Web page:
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GSC discusses vacancies, Medical Student Senate relationship

GSC looks to elect new technology chair, strengthen relationship with medical students

By
Senior Staff Writer
Thursday, March 7, 2019

The Graduate Student Council will elect a new Chair of Technology and will fill positions within the Council’s Masters’ Advocacy Committee, Finance Committee and Social and Student Life Committee.

In the second meeting of the semester, the Graduate Student Council announced the election for a new Chair of Technology, updated members on the Graduate Student Strategic Initiative and discussed its relationship with the Graduate Student Union and the Medical Student Senate.

The GSC is currently looking to elect a new Chair of Technology. Whoever fills the vacant position will hold the position until December and will have to run for re-election in November, according to the GSC bylaws.

The Council’s Masters’ Advocacy Committee, Finance Committee and Social Committee are also looking to fill vacancies; these positions are filled on an ad hoc basis and joining members do not have to run for re-election.

At the meeting, members of the GSC executive board who lead each of the eight GSSI sections shared new information on their internal discussions and conversations with University administrators.

Kathryn Thompson GS, who is in charge of the GSSI’s housing section, said her group discussed the “affordability, feasibility, quality and safety” of housing for graduate students. The GSC previously discussed challenges that grad students face when finding housing, as The Herald previously reported. “The Graduate School as a whole is really trying to reconcile this issue,” she said, adding that the University had shared a survey with grad students to determine what they “want from their housing.”

D’Ondre Swails GS, vice president of advocacy and head of the GSSI’s diversity, equity and inclusion section, reminded students about a survey assessing the progress of their respective departments’ implementation of the Diversity and Inclusion Action Plans, which the University implemented three years ago.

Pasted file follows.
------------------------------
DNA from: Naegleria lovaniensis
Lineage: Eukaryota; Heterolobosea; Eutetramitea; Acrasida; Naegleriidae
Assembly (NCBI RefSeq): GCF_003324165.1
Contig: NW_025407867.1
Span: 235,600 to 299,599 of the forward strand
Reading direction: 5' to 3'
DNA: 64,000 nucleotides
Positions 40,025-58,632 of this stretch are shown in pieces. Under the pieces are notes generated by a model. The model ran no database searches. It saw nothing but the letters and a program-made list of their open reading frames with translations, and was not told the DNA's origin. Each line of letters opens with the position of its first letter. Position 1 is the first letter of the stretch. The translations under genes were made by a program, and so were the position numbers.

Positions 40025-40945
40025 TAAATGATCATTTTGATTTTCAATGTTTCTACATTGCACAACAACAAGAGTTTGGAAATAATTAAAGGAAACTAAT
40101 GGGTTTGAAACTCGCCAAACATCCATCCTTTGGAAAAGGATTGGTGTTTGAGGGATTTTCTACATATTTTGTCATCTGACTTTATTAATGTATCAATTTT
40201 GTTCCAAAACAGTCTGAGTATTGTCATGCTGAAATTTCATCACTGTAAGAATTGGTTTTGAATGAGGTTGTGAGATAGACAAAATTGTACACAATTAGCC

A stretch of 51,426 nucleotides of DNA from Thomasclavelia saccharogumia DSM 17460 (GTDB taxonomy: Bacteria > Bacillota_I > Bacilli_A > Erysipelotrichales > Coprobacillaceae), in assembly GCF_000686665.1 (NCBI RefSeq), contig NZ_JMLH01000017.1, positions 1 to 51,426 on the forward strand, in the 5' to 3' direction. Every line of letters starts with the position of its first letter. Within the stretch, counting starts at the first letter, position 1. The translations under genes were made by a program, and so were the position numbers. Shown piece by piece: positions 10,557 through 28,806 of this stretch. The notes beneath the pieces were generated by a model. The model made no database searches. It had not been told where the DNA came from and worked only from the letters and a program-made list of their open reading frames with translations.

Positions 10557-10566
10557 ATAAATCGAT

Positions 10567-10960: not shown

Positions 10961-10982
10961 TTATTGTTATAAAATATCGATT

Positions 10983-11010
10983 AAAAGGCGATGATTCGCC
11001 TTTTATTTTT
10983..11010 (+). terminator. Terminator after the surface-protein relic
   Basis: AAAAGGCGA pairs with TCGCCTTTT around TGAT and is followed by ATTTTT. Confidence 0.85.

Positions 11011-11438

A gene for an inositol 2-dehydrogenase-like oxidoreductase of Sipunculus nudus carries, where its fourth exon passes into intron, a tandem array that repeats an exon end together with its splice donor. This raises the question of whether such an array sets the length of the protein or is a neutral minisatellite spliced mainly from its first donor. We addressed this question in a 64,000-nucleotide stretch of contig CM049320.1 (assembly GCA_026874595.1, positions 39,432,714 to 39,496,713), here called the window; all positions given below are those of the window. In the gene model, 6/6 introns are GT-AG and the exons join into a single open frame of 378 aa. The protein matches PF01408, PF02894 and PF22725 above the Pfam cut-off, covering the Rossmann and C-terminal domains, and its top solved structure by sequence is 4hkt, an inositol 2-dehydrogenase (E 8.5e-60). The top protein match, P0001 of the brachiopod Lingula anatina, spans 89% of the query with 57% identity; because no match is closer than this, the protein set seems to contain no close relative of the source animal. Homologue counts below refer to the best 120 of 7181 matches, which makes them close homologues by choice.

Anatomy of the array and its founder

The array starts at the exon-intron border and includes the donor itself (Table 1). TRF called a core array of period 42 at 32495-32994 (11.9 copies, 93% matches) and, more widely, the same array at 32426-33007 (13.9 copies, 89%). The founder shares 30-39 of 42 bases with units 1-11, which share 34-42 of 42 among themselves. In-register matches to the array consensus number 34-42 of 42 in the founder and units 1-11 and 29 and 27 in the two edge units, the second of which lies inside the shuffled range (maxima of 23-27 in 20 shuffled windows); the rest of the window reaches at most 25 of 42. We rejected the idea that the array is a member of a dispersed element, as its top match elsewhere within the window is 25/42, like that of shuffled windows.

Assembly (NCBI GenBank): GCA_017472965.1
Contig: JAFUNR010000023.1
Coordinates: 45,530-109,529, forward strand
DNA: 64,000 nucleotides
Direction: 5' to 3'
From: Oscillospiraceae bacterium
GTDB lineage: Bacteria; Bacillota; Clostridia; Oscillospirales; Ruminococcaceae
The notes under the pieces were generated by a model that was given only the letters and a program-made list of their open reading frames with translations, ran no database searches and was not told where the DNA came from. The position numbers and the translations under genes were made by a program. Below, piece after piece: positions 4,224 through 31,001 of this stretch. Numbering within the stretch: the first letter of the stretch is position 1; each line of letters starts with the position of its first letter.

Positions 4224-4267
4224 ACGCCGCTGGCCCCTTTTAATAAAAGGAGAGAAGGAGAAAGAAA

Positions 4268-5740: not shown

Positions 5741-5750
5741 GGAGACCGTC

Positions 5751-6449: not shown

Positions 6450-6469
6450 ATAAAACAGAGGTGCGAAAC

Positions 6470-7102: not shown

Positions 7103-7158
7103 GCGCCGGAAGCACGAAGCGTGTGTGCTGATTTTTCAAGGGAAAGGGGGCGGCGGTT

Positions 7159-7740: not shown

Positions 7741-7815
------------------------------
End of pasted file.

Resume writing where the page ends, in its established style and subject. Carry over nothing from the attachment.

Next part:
India Rogers-Shepp GS, who leads the GSSI’s masters’ advocacy section, said her committee felt concerned about the lack of equity in conference funding applications, in that the process favored doctoral students. Her group also discussed tuition remission and the availability of teaching assistant positions for students pursuing a master’s degree.

Graduate Student President Alastair Tulloch GS discussed potential collaboration with the Medical Student Senate. “One of the really brilliant ideas they’ve had is: they have classes for first-year medical students that are natural, life or social sciences focused,” Tulloch said. “They wanted to institute a program where Ph.D. and graduate students present their research for the last ten or fifteen minutes of one of these classes,” he added.

“This is something we would try and roll out in September,” Tulloch said.

“We as an exec-board have also discussed having someone act as a liaison between the GSC and the Graduate Student Union,” Tulloch said. The liaison would increase interactions between the bodies and more directly involve the GSC in the union’s logistics.

During the open floor, Jan Georg Tabor GS asked, “what will the relationship between the Union and the GSC look like?”

In response, Tulloch said that while students in both organizations are technically University employees, they still have different purviews. For instance, GSC covers  “the Graduate Student Strategic Initiative, (which) doesn’t fall under the purview of the union.”

He continued to say that though the union and GSC are distinct bodies, “we want to work with them — sometimes the line between our domains can be grey.”